The Problem With Workplace Mandatory Training

When you are in a workplace, there are several mandatory training courses, normally with an encouraging email with a deadline it needs to be completed by.

At Accessibility Services, we have assessed several of these sorts of sites, where we have been able to point out some of the issues that make the training inaccessible. Issues that can only be found by performing manual assessments.

Here are some examples of common errors found within online training:

  • Questions which cannot be read by a screen reader user, but the options to choose from can.
  • Sliding scales which get stuck in the middle, due to it not being corrected designed, resulting in a keyboard only user not being able to adjust it.
  • Buttons with answers to choose from, which are not labelled. For example, you may have a question that you can read, but the answer is a multiple-choice of five buttons, which are not labelled. You may know the answer, but how do you know which button to select?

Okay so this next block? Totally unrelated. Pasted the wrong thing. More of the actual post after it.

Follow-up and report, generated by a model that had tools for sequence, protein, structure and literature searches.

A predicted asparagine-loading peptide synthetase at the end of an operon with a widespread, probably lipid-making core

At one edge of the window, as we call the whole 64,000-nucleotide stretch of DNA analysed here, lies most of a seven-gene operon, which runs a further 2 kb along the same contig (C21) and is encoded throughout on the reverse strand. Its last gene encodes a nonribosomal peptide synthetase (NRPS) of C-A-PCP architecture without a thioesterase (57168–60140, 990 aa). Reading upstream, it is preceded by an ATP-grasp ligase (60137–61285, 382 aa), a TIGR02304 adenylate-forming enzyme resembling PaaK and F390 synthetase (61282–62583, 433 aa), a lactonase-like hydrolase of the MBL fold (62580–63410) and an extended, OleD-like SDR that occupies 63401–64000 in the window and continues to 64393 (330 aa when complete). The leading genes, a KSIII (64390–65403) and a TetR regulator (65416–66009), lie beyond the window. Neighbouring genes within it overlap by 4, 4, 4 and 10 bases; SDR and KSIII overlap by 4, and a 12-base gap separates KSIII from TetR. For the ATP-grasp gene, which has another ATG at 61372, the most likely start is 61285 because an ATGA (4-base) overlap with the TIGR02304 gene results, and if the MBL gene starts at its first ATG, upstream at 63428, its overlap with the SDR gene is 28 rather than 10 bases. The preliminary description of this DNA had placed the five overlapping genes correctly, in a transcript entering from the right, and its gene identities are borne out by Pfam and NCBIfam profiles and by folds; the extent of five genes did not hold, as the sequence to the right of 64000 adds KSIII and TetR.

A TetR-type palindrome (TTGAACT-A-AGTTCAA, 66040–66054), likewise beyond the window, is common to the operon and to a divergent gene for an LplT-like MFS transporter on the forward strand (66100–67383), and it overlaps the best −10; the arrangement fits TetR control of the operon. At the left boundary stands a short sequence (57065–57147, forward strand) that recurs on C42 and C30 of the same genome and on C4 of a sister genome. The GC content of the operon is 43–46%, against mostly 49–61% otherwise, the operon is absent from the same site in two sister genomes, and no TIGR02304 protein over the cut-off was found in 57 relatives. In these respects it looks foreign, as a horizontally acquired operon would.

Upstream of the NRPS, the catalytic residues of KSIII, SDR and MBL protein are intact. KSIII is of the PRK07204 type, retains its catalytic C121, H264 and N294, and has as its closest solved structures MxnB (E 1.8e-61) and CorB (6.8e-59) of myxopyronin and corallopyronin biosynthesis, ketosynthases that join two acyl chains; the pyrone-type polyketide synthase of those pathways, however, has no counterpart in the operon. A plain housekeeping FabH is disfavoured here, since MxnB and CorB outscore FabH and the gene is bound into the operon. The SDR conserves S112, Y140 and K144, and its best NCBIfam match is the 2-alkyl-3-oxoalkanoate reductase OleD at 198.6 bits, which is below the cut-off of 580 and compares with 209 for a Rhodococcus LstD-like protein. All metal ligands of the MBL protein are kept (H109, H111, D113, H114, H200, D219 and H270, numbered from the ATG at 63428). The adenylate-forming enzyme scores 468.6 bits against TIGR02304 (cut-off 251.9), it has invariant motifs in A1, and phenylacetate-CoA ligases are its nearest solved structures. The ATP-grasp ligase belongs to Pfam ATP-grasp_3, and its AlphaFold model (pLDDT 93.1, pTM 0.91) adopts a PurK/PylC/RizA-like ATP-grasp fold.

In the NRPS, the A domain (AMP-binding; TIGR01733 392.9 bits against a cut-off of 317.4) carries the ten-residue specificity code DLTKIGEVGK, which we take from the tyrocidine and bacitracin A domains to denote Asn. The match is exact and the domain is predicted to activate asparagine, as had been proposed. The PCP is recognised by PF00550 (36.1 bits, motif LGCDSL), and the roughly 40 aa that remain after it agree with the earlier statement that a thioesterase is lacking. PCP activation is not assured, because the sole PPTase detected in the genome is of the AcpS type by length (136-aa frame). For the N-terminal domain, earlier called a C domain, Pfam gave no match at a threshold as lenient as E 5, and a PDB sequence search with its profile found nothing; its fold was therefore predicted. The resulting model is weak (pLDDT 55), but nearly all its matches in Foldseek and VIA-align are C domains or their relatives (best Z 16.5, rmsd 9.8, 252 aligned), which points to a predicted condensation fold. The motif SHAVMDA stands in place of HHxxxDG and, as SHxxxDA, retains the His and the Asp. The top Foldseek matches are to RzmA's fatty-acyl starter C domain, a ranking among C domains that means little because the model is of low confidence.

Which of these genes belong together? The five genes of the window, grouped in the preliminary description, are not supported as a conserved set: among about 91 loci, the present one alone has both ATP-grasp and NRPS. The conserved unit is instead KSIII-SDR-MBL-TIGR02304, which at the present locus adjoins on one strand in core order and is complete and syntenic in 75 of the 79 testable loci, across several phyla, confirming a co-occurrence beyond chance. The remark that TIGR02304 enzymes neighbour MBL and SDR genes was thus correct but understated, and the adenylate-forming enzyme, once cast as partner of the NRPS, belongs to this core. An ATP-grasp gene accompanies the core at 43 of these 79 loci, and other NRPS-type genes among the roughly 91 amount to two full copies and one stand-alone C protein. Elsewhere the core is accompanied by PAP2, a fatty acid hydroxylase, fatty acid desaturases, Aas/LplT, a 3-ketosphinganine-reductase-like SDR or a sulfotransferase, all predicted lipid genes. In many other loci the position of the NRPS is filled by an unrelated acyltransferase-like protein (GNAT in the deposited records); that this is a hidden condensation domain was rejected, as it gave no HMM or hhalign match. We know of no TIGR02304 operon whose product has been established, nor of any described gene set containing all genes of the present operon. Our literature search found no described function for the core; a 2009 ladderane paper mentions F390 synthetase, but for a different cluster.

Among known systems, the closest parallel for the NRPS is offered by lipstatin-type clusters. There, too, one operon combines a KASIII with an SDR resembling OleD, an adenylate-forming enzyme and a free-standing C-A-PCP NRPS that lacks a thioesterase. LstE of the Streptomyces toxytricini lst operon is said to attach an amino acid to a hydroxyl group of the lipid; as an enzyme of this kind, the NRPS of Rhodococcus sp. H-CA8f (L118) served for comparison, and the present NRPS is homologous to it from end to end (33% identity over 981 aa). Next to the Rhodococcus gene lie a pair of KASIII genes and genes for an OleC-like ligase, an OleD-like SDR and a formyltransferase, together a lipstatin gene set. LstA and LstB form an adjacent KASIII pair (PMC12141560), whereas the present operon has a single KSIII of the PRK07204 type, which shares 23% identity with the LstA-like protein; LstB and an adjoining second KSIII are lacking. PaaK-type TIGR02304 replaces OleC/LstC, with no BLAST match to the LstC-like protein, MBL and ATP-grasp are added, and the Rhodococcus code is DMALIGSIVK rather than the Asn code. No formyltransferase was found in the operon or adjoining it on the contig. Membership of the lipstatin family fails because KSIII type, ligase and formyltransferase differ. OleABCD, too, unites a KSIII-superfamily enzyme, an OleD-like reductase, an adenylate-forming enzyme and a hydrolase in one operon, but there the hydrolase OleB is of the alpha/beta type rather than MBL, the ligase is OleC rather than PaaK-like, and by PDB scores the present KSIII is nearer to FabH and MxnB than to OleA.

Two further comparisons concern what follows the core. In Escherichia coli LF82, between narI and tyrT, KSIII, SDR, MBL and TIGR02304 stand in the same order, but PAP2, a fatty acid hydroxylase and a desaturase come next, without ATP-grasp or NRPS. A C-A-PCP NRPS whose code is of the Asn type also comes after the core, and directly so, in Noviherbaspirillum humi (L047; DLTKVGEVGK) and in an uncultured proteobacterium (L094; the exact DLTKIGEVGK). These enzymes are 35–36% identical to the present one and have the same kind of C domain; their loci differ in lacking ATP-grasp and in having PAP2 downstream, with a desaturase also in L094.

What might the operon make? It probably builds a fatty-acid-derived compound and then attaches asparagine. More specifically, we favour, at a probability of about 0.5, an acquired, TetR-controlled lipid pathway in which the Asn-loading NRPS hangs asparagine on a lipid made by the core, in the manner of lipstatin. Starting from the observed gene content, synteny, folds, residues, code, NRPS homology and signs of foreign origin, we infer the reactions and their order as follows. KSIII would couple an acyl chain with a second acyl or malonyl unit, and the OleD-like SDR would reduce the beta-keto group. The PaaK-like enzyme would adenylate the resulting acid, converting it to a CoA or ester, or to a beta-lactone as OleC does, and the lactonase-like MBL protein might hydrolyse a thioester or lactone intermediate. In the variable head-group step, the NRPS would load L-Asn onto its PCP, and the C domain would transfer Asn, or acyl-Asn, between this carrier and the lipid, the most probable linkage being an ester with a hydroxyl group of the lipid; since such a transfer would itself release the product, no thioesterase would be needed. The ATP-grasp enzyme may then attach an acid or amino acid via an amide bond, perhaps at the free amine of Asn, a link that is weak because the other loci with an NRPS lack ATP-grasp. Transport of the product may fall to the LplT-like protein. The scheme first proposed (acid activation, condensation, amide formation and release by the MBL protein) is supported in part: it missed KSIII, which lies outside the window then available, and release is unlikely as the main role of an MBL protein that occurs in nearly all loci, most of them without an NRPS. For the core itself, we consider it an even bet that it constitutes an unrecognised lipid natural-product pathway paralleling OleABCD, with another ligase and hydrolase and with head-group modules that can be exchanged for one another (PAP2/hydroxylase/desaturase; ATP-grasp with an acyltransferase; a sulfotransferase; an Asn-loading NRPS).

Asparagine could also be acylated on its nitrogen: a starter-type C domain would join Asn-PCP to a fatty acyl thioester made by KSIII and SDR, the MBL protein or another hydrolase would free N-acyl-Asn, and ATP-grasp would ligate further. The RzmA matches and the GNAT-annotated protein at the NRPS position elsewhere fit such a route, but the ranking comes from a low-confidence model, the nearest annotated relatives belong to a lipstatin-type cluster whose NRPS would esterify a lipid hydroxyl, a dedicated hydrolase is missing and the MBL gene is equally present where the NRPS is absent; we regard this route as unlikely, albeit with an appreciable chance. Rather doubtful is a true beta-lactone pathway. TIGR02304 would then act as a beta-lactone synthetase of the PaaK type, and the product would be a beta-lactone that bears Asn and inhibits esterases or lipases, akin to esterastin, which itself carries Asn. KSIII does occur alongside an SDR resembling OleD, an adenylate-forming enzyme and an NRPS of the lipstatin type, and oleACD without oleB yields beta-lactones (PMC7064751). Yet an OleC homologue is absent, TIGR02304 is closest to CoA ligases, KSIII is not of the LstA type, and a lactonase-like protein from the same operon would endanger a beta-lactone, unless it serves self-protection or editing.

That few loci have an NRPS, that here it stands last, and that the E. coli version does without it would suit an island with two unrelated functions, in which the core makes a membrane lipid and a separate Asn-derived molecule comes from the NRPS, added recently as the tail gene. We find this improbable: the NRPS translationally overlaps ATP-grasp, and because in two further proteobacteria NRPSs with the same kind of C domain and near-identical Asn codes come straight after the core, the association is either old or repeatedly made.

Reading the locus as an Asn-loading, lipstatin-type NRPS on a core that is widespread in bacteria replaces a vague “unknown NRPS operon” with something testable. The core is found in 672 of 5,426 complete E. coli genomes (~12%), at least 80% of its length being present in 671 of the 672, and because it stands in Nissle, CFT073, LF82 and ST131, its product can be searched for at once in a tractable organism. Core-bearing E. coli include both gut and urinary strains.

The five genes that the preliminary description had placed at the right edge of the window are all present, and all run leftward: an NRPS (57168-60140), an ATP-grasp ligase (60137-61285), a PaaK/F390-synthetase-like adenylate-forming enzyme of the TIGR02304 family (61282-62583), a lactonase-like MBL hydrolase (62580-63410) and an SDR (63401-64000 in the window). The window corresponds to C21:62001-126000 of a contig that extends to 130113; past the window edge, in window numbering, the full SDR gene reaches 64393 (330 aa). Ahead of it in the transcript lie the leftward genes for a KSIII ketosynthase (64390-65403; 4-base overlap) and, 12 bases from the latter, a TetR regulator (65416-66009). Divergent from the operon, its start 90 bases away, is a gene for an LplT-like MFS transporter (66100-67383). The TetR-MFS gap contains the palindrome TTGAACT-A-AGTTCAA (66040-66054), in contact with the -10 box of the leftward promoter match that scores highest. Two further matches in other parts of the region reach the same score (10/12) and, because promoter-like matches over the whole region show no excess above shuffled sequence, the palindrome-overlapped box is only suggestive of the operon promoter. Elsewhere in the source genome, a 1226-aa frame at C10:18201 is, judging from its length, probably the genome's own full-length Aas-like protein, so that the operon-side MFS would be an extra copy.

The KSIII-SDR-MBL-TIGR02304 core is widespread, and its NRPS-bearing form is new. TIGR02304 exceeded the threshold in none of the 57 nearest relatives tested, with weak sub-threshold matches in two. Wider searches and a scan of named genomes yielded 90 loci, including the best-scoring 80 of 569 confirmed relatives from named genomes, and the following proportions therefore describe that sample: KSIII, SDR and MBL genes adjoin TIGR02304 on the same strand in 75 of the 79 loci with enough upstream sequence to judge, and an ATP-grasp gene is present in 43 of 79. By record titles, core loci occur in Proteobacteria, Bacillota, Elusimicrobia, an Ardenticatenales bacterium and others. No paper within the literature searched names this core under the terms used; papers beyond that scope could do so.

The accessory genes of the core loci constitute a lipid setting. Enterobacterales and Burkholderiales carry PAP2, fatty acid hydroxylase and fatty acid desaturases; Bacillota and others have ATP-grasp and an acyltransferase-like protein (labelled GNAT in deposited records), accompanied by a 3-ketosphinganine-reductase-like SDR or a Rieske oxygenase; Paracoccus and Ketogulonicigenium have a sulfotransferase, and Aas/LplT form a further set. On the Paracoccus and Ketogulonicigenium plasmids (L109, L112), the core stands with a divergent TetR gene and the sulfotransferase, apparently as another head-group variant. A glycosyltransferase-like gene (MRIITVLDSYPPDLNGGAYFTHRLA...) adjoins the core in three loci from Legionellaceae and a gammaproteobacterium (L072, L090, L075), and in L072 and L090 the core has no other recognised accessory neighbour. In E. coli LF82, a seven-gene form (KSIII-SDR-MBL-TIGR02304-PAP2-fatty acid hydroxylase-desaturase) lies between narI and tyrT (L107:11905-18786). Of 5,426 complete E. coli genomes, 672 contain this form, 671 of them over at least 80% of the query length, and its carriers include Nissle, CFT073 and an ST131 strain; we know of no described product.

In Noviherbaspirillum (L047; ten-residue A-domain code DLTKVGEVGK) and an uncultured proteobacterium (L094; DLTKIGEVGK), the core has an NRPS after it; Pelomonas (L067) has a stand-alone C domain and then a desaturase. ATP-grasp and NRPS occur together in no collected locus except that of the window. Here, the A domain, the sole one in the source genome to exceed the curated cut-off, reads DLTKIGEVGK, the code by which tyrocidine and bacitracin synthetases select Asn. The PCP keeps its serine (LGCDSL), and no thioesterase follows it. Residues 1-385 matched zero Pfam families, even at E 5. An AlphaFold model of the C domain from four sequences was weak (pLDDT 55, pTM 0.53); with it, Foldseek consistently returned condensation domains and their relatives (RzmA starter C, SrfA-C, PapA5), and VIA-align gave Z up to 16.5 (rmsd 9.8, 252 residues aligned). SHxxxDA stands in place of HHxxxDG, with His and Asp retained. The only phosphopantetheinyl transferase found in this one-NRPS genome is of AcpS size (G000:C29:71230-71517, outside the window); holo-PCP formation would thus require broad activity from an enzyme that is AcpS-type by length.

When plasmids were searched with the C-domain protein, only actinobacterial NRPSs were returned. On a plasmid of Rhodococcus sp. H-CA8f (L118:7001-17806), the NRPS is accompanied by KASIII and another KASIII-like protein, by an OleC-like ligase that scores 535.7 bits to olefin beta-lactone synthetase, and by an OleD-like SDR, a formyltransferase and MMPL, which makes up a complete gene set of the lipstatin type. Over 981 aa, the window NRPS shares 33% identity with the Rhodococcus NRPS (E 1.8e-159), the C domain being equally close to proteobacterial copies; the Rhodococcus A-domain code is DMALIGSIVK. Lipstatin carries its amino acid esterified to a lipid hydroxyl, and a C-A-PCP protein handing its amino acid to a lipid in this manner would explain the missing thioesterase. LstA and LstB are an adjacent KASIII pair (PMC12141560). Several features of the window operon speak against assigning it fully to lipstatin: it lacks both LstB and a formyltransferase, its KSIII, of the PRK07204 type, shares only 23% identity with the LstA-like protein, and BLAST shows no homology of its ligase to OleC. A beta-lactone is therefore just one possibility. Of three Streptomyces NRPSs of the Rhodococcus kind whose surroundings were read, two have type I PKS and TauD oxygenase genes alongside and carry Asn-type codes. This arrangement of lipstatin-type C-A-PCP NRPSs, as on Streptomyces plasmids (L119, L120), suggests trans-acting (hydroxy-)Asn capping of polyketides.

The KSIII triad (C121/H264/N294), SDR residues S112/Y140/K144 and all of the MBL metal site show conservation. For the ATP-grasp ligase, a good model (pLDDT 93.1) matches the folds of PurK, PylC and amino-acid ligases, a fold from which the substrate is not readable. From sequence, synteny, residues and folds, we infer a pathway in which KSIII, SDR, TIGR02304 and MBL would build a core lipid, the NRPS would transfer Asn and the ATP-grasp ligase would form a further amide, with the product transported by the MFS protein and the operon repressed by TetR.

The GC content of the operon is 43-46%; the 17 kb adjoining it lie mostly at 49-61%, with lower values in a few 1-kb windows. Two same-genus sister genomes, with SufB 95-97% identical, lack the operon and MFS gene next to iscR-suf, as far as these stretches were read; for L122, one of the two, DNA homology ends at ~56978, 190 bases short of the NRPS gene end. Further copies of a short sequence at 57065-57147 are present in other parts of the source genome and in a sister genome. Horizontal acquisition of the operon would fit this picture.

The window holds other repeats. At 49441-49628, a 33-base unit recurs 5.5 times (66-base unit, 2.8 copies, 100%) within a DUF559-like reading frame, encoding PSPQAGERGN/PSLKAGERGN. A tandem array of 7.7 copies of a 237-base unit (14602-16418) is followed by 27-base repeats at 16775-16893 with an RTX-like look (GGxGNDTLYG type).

• On one platform we could not even access the first page with assistive technology.

You may be the first person in your place of work that cannot access the training, but they should be able to give it to you in an accessible format. Then for the year after, you’d expect it to be changed to being accessible for you in the first place.

Conclusion On Accessible Learning

Life can change at any time and we have two choices:

  • Do nothing 
  • Or adjust and meet the challenge of re-educating yourself to get back on the employment ladder and learn how to do things differently.

As we have seen, this can sometimes be easier said than done. The internet holds an abundance of so many great resources for learning, that everyone should be able to access. It is just a shame that many platforms are inaccessible and even when on those that are accessible, it is always a worry while going through online training, that you will come across some aspect that is inaccessible.

Here at Shaw Trust Accessibility Services, we want to change this worry and give more confidence to people who are using the internet, feeling assured that they can complete online training like everyone else.

Re-educating yourself is key to the first step in employment, so, we ask organisations to please not make it any harder than learning is. 

Keep an eye out for more blogs in this series, which will feature:

  • Looking for jobs
  • Applications
  • Interviews
  • Working and transport